- Meet regularly with community groups, residents, local businesses and other stakeholders to solicit feedback and suggestions regarding 9/11 health issues
- Guide the development of a website where the public and people with potentially WTC-related health issues can find timely, reliable information
- Serve as a liaison between City government and treatment and monitoring programs, ensuring coordination of outreach and services
- Convene liaisons from City agencies to share information about WTC-related health issues and treatment programs.
Prior to this position, Mr. Hon served as Communications Director for the New York-based September 11 Recovery Program, which provided long-term services for people affected by the 2001 terrorist attacks. He also has more than 12 years of experience in the fields of substance and alcohol abuse and mental health services. He holds a Bachelor’s Degree from Columbia University.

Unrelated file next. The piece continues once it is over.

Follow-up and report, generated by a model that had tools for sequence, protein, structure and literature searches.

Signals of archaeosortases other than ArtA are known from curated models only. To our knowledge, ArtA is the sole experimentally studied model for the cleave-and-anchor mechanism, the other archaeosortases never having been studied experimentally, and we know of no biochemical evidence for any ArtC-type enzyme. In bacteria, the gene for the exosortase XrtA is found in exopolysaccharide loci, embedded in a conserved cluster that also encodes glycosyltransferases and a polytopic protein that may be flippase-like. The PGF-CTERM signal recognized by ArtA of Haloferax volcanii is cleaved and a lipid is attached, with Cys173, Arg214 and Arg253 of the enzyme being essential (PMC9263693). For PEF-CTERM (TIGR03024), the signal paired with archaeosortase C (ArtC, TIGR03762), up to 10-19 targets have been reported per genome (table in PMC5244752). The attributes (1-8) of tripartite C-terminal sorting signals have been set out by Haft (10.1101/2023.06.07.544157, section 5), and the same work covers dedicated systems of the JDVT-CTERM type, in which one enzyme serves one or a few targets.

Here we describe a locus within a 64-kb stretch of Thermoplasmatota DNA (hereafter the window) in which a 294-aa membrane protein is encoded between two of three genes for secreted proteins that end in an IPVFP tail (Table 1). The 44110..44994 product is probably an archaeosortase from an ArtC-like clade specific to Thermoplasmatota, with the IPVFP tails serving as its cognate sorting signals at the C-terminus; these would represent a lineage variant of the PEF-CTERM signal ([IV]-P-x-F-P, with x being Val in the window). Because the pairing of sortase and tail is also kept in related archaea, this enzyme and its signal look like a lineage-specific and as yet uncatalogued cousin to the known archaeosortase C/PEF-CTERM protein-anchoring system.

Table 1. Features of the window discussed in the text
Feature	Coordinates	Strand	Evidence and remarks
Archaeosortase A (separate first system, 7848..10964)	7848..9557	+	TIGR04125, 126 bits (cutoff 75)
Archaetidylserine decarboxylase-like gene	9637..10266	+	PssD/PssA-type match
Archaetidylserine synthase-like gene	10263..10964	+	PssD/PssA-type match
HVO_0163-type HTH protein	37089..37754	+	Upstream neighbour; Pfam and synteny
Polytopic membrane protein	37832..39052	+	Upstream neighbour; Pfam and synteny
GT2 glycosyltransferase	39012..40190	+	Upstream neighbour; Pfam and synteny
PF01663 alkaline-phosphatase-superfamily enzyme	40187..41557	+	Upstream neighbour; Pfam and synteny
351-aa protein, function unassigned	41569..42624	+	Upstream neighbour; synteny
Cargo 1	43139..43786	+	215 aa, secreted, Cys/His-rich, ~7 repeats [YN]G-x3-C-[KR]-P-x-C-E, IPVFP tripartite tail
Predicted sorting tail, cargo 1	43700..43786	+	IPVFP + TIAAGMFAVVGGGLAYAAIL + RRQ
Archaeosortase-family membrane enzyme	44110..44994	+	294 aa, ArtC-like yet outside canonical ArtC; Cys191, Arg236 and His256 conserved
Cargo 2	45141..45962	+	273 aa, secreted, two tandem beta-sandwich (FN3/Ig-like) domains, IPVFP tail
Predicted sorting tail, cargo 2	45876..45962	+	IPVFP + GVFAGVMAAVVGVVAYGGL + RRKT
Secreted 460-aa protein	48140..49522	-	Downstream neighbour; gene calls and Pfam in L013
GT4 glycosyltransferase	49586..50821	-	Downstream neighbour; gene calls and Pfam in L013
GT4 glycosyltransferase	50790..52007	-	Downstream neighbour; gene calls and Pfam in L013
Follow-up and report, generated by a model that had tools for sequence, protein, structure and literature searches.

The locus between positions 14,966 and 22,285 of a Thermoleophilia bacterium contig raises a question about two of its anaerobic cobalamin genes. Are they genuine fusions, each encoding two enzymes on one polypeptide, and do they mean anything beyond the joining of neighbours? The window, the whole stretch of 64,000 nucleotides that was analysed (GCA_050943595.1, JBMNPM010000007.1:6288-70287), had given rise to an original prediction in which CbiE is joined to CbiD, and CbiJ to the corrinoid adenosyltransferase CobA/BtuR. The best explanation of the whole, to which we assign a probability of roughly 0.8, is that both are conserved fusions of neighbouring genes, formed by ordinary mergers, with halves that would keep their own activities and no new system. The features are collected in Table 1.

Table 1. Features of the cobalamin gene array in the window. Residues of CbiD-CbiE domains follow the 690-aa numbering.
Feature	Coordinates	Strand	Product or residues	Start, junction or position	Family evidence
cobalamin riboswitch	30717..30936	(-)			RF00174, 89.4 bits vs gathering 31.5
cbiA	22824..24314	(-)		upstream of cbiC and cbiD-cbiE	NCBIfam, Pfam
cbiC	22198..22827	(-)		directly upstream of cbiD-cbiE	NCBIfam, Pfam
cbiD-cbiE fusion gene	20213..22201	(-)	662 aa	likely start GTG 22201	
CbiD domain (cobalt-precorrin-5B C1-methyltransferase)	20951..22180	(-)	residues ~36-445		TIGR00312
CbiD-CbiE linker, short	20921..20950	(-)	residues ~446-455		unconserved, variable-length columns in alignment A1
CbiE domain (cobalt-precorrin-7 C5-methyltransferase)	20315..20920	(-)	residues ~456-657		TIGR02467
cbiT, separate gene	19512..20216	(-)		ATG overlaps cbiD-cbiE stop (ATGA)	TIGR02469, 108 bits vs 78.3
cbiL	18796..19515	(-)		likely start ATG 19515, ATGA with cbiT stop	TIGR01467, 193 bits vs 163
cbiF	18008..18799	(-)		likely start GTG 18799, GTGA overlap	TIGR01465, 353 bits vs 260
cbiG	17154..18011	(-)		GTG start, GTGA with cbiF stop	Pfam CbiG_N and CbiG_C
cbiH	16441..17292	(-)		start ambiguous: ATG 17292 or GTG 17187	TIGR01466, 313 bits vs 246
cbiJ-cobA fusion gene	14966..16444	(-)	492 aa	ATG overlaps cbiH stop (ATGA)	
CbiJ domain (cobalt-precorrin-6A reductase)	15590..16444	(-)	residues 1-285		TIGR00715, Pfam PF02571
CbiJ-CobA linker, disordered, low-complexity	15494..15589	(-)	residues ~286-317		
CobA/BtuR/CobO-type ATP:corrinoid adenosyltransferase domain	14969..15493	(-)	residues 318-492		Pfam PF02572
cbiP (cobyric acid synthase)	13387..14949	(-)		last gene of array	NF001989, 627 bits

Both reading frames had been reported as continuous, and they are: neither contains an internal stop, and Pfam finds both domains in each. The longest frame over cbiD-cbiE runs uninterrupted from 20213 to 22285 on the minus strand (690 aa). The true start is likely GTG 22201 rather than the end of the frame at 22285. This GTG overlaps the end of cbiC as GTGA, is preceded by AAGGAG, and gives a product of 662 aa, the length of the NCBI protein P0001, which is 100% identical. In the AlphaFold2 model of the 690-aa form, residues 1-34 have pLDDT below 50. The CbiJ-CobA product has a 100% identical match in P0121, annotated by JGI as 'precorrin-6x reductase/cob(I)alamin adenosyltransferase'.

The Mayor also announced today that more than half of the 71,000 adult enrollees in the World Trade Center Health Registry (WTCHR) have completed the first follow-up health survey, but more than 30,000 enrollees still need to update their health and mental health status. An initiative to get responses from the remaining half of enrollees is now underway.
"Although more than 35,000 registrants have completed the survey, it is critical for all 71,000 registrants to give us an update on their health and mental-health status," said Commissioner Frieden. "Every individual illness or death potentially associated with the attacks is tragic. Registry enrollees are critical to helping us understand the long-term effects of 9/11."
The Health Department is also sending out the first follow-up surveys to the parents and guardians of the 2,030 children and teens enrolled in the Registry. The adolescent survey will provide updates on enrollees’ physical and mental health, including respiratory symptoms, and will help identify health-care needs of children enrolled in the WTCHR.